Maryland freshman Alex Len has had two strong games as a simplified game plan and his growing confidence help him with the rigors of ACC basketball. (John McDonnell/The Washington Post)

Two games in a college basketball season hardly signify a trend. But as Maryland looks for positives amid a spate of recent losses, the resurgence of 7-foot-1 center Alex Len offers reason to believe, as senior Sean Mosley insists, that the Terps still have a chance to fashion a special ending from a 13-9, 3-5 start.

After a six-game streak in which the freshman was reduced to a footnote, failing to score more than five points in an outing, Len has bounced back impressively.

Though not fully in game shape after missing the first 10 contests because of an NCAA suspension, the 225-pound Len played 31 minutes in Maryland’s 90-86 double-overtime loss at Miami, scoring 11 points, grabbing seven rebounds and blocking four shots despite smothering coverage by the Hurricanes’ 284-pound center Reggie Johnson.

And Len stood tall Saturday at Comcast Center against North Carolina’s imposing front court of 7-0 Tyler Zellerand 6-11 John Henson. Though Maryland fell to the No. 5 Tar Heels, 83-74, after building a nine-point lead, Len flashed his offensive skill with an early jumper and driving for another score and flexed his defensive muscle by blocking a game-high four shots and grabbing a team-high nine rebounds to go with his 12 points.

It’s difficult to know how Len views his progress 12 games into his Terrapin career. Maryland officials have not made the Ukraine native available to reporters all season, explaining that he needs time to acclimate to college life and that his language skills are still evolving.

“He has got all the tools,” Maryland Coach Mark Turgeon said of Alex Len. “It’s just a matter of relaxing.” (Toni L. Sandys/The Washington Post)

But in the view of Coach Mark Turgeon and several teammates, Len’s strides are due primarily to two factors: a simplified game plan (at least as it relates to Len) and the freshman’s growing confidence that he can compete in a more physical, up-tempo brand of basketball than he played in Eastern Europe.

“He has got all the tools,” Turgeon said Monday. “It’s just a matter of relaxing.”

Offered redshirt freshman Ashton Pankey: “He’s playing with confidence now and learning the physicality of the game. He’s still getting Americanized.”

Len’s learning curve was painful to watch at times and hardly helped by the fact that it got off to a late start. Because Len didn’t arrive in College Park until August, he missed the Terps’ summer workouts that surely would have added sorely needed bulk. Then he was held out of games until Dec. 28 after the NCAA ruled he had violated eligibility standards while playing for his Ukrainian club team.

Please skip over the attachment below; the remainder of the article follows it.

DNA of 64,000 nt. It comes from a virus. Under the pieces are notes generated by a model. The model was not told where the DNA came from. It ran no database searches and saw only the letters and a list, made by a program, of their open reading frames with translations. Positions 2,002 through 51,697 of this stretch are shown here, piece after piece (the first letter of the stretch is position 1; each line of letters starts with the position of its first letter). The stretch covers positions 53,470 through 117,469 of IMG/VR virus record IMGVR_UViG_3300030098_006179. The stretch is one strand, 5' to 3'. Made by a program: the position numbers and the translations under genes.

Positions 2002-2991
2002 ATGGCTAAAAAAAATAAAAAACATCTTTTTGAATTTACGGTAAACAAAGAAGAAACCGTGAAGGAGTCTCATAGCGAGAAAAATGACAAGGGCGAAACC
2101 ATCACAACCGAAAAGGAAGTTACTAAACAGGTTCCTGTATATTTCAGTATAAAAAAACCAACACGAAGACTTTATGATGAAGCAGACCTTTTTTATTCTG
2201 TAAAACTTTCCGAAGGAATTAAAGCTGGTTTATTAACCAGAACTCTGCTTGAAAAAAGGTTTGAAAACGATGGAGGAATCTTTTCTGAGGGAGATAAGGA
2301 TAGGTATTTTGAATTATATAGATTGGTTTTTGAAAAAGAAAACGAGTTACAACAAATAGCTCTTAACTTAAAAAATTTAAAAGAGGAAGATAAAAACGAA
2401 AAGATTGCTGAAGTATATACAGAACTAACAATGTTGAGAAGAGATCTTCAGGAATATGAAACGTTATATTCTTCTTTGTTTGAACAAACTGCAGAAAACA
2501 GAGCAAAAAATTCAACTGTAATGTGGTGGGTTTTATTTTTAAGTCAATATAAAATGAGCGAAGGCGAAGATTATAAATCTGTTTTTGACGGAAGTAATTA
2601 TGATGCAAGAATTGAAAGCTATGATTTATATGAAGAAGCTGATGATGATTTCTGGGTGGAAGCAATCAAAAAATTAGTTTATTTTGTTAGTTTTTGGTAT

Inserted into the starting lineup for his debut, Len thrilled the Comcast crowd with a rim-rattling dunk on his first sprint to the basket. But as the season unfolded, he picked up too many quick fouls and struggled to grasp American goaltending rules.

“Sometimes when he catches the ball, he looks like the whole world is moving too fast for him,” Turgeon said.

So the coach altered the world — to the extent he could — to suit Len.

North Carolina State's C.J. Leslie dunks on Maryland's Alex Len, who is adjusting to the physical, up-tempo nature of ACC basketball. (Ethan Hyman/Associated Press)

First, he pulled him from the starting lineup, suspecting it was saddling the freshman with unnecessary pressure. And he streamlined what he asked Len to do. Instead of teaching the center three ways to guard a ball screen, for example, Turgeon focused on one.

Coaches spent extra time on “toughness” drills with Len in practice, and Len started coming in more on his own for additional work. And as Turgeon hoped, each baby-step helped build Len’s confidence.

Assuming Len stays in College Park this summer to attend class and work out with his teammates, as expected, Turgeon predicted Monday that he’ll return for his sophomore season physically transformed. Along with the matriculation of 6-9, 280-pound Shaquille Cleare, a tougher Alex Len would be a chief reason Terps could be resurgent in the 2012-13 season.

But as much as he loves Maryland, Mosley can’t afford to wait until next season for a breakthrough. The Terps’ captain, due to graduate this spring, believes it’s closer at hand.

“There’s definitely something special to come in the end of the season,” Mosley said. “And it’s going to start tomorrow at Clemson (11-11, 3-5). We’re going to go down there and get our first road win and get ready to play the next opponent.”